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Academic Information

The liberal arts curriculum at Davidson College is dedicated to the intellectual and personal growth of students. This curriculum affirms the intrinsic worth of a broad exposure to intellectual and artistic achievement and strives to nurture students’ capacities for knowledge, understanding, judgment, and compassion. Teaching is the primary activity and responsibility of the faculty, who are also active in research and service. Developing skills in the methods by which knowledge is acquired, evaluated, and appropriately applied is the primary activity and responsibility of students.

Credit is granted on a course credit basis, with a course being equivalent (for transfer purposes) to four semester or six quarter hours. The curriculum consists of six general areas of study: Literature, Fine Arts, History, Religion and Philosophy, Natural Sciences and Mathematics, and the Social Sciences. To encourage the excitement and self-discipline that come from probing a subject in depth, the college requires a major in one of the following.


Africana Studies Economics Mathematics
Anthropology English Music
Art Environmental Studies Philosophy
Biology French and Francophone Studies Physics
Chemistry Gender and Sexuality Studies Political Science
Chinese Studies German Studies Psychology
Classical Languages and Literature Hispanic Studies Religious Studies
Classical Studies History Sociology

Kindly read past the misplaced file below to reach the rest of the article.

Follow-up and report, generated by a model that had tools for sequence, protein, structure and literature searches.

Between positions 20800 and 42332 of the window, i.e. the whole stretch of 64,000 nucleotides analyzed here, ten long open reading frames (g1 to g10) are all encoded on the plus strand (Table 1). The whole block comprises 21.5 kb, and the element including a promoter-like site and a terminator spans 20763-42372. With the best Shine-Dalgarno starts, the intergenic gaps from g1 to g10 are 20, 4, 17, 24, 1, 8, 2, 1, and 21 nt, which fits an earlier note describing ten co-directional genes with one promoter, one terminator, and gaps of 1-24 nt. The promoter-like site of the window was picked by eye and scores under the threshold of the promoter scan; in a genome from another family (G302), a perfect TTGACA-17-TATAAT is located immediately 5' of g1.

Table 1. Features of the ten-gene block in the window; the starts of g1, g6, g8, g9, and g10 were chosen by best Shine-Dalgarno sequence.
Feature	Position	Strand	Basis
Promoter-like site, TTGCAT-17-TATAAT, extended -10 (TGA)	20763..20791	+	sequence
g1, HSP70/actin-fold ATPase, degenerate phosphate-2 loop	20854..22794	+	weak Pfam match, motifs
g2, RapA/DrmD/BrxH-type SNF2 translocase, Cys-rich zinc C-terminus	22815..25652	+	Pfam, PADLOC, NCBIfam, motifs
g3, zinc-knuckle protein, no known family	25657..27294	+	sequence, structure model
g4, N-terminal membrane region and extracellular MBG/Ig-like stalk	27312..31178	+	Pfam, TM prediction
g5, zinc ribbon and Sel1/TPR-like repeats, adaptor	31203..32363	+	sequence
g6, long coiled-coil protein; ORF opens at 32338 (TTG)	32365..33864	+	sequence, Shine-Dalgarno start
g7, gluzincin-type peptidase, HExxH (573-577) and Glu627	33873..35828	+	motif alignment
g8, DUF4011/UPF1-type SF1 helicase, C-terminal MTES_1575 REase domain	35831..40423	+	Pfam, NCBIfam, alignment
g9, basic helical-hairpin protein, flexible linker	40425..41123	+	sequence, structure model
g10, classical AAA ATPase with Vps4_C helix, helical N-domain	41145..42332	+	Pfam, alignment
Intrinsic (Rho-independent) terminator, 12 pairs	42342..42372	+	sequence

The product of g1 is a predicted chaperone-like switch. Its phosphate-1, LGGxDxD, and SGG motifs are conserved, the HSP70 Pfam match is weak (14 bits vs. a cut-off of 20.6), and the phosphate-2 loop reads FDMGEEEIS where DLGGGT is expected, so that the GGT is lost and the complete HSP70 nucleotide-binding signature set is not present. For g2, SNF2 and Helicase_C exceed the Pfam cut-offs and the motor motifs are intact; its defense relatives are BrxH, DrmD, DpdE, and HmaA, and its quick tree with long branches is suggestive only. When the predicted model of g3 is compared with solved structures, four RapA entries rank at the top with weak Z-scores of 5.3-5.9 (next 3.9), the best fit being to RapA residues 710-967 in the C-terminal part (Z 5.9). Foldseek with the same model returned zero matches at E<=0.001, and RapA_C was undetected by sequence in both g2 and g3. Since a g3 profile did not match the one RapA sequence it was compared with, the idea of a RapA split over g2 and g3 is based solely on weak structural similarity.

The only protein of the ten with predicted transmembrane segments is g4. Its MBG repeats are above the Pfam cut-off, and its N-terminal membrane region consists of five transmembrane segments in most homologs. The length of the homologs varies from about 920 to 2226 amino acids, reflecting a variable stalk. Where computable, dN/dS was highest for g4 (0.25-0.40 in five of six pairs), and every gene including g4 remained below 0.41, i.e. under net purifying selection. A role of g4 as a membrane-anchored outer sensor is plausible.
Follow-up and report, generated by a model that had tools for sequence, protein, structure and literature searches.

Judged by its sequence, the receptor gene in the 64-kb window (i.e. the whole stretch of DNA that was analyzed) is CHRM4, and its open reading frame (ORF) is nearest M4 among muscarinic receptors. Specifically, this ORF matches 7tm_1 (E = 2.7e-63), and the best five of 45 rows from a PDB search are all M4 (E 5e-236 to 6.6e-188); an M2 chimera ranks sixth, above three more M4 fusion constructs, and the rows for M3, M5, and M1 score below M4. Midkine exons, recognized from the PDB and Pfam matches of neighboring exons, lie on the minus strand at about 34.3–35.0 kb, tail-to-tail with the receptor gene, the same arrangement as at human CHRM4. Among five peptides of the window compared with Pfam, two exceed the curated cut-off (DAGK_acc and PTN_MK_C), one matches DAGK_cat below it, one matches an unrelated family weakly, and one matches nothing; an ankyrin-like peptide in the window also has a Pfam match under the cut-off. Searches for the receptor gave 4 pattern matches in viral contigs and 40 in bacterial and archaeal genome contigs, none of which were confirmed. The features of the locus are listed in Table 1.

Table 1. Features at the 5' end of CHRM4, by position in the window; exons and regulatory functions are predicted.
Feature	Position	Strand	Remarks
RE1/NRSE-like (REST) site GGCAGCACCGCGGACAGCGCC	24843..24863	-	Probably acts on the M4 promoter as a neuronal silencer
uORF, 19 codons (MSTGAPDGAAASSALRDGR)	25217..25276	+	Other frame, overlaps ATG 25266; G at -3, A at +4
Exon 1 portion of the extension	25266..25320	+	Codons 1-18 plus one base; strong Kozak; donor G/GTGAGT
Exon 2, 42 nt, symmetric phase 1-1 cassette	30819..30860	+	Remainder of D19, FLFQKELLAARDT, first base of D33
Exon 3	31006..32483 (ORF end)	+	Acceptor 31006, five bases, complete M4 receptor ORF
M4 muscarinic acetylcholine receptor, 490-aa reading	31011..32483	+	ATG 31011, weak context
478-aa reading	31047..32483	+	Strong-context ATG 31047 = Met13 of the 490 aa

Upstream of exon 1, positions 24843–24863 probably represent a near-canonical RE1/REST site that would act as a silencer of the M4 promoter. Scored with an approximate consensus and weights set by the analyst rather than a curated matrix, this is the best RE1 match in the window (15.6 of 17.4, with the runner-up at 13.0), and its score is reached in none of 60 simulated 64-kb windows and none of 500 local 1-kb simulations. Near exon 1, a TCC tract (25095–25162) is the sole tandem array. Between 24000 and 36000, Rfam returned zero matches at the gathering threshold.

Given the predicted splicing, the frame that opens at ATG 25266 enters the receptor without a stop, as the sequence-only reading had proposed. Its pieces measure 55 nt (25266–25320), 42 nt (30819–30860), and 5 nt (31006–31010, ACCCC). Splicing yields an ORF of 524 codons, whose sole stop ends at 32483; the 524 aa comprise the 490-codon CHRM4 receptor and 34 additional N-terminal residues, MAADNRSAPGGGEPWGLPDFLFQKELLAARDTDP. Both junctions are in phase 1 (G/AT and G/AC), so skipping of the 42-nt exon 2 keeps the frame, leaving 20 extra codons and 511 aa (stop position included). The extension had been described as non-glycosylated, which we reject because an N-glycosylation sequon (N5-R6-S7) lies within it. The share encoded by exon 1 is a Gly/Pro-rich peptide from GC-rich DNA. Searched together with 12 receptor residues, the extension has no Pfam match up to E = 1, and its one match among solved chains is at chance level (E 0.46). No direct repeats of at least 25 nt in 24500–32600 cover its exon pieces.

Computer Science Latin American Studies Theatre
East Asian Studies    

Students may also develop an interdisciplinary major through the Center for Interdisciplinary Studies.

For more information about majors, minors, and interdisciplinary minors, see the College Catalog.

The Davidson curriculum stresses competence in reading, writing, mathematical skills, oral communication, and technological literacy.

Students develop oral communication skills through class discussion, seminar presentations, and formal oral communication courses.

To develop their skills in writing and analysis, students may select one of the following options to satisfy the college writing requirement: a designated writing course (WRI 101), with a variety of specific topics offered or the two-course (and three credit) Humanities sequence (HUM 103, 104).

The writing courses (WRI 101) normally require completion of five to seven short writing assignments and a longer research paper. Readings for each course span and exemplify different approaches to writing. The courses address elements of style and revision, processes of peer review, word-processing skills, library-based and web-based research techniques, and conventions of documentation.